A number of applications in current technology, including such widely diverse areas such as high-speed machine tools, aerospace motors and actuators, and spindle drive motors for magnetic and optical disk drives used for data storage in computers and other microelectronic devices, require electrical motors operable at high speeds, many times in excess of 15,000-20,000 rpm, and in some cases up to 100,000 rpm. The limitations of magnetic components made using existing materials entail substantial and undesirable design compromises. In many applications, the core losses of the electrical steels typically used in motor components are prohibitive. In such cases a designer may be forced to use a permalloy alloy as an alternative. However, the attendant reduction in saturation induction (e.g. 0.6-0.9 T or less for various permalloy alloys versus 1.8-2.0 T for ordinary electrical steels) necessitates an increase in the size of magnetic components comprised of permalloy or variants thereof. Furthermore, the desirable soft magnetic properties of the permalloys are adversely and irreversibly affected by plastic deformation, which can occur at relatively low stress levels. Such stresses may occur either during manufacture or operation of the permalloy component.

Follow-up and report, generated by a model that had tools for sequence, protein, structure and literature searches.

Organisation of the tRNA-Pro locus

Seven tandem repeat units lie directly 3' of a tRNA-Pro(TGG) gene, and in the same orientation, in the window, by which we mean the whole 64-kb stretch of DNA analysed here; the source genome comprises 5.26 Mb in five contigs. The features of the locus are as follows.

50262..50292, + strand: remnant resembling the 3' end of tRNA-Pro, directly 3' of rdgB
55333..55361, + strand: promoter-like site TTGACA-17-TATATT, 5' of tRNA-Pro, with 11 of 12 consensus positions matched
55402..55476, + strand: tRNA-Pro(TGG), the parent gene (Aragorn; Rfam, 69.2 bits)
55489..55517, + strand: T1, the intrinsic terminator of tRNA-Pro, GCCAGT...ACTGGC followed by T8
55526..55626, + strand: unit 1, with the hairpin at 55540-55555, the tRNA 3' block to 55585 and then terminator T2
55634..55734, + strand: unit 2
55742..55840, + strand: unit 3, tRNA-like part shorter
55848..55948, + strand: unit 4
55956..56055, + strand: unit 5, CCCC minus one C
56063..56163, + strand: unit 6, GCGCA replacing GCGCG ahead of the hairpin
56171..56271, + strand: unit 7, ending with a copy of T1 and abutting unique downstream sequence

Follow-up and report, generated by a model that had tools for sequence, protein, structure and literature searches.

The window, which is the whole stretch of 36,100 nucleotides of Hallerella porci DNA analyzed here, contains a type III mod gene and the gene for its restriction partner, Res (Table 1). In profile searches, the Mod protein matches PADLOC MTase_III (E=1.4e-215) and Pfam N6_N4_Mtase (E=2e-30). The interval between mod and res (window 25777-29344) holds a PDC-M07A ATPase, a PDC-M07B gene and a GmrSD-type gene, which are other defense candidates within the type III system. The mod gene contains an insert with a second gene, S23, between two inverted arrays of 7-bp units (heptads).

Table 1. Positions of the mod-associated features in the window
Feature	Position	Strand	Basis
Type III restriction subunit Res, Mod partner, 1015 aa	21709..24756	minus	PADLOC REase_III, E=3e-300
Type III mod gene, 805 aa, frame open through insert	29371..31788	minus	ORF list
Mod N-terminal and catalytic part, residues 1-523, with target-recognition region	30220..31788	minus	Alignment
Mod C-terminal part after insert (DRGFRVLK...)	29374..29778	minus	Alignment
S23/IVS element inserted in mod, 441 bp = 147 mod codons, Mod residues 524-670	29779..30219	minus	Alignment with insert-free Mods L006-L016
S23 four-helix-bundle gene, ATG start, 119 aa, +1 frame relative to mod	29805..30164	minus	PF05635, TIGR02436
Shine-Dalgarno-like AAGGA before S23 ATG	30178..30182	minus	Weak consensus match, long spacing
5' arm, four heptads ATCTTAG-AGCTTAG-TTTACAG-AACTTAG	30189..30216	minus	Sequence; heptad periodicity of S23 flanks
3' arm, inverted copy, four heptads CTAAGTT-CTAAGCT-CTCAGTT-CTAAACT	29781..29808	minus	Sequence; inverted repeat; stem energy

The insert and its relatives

Notwithstanding the advances represented by the above disclosures, there remains a need in the art for improved amorphous metal motor components that exhibit a combination of excellent magnetic and physical properties needed for high speed, high efficiency electric machines. Construction methods are also sought that use amorphous metal efficiently and can be implemented for high volume production of motors of various types and of the components used therein.

SUMMARY OF THE INVENTION